In the Cox household we’ve entered the season of independence. Whether it is eating, bathing or dressing, my children want absolutely no assistance. The other day my 2-year-old walked down the steps with an unopened container of orange juice he had retrieved from the refrigerator. Apparently I wasn’t meeting his needs fast enough.
I can’t say this is new territory. In my job I constantly find myself at odds with others over the battle for independence. I’ve reviewed emails that have self-created graphics, websites posted without an editor’s eye and translation that was developed by an online “automatic” tool. Much like the orange juice scenario, these situations occur because in the mind of the developer it’s faster if they just do it themselves.
True, at first it’s easier to do everything on your own, but at what cost? For my 2-year-old a fall down the steps with a gallon of OJ would not have been worth the trouble. The same can be said for the monetary fine of posting an unauthorized graphic or the embarrassment of a website full of grammatical errors.
Here is what I’ve learned; it’s all about control. So how do we allow control to our children and colleagues while still maintaining some control ourselves? I believe you need to set guidelines and develop processes. Equally important is explaining the processes (see my post “Learning to Fly”). Control has to be delegated gradually. As I was told by my parents after my first car accident (10 days after receiving my driver’s license) “When you can demonstrate you’re a responsible driver then you can have the keys to the car”.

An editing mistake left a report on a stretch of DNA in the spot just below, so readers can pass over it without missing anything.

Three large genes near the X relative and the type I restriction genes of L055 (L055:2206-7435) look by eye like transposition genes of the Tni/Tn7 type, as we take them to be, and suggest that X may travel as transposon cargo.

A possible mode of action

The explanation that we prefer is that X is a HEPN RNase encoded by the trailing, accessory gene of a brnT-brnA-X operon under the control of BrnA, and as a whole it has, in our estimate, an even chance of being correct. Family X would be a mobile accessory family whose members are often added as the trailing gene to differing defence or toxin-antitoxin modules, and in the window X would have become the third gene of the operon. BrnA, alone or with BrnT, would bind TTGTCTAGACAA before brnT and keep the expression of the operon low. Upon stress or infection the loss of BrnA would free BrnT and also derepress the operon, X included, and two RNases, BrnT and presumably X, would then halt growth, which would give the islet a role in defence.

How do you exercise management while still allowing for control?
You know the buzzwords; inbound, outbound, content, demand gen, lead gen, martech, social media, account-based, advocacy, customer success, sales enablement, and analytics.She studies it, plans it, executes it, experiments with it, and loves it.
Through discovery, creation, and innovation she's learned to say "Yes, And".Like business, her career is one big improvisational act.
She leads all aspects of the brand and culture, developing and executing a clearly defined, integrated marketing communications strategy.Marilyn is responsible for planning, organizing, staffing, training, and managing all marketing functions to achieve objectives of growth, awareness, customer success and making work better.
Marilyn exists to empower sales and support the customer. When not geeking out over marketing analytics, she can be found daydreaming about her unrealized dream as a professional wrestler with the WWE.
Latest posts by Marilyn Cox (see all)
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- Liar Liar Pants On Fire; The Importance of Customer Transparency - December 7, 2015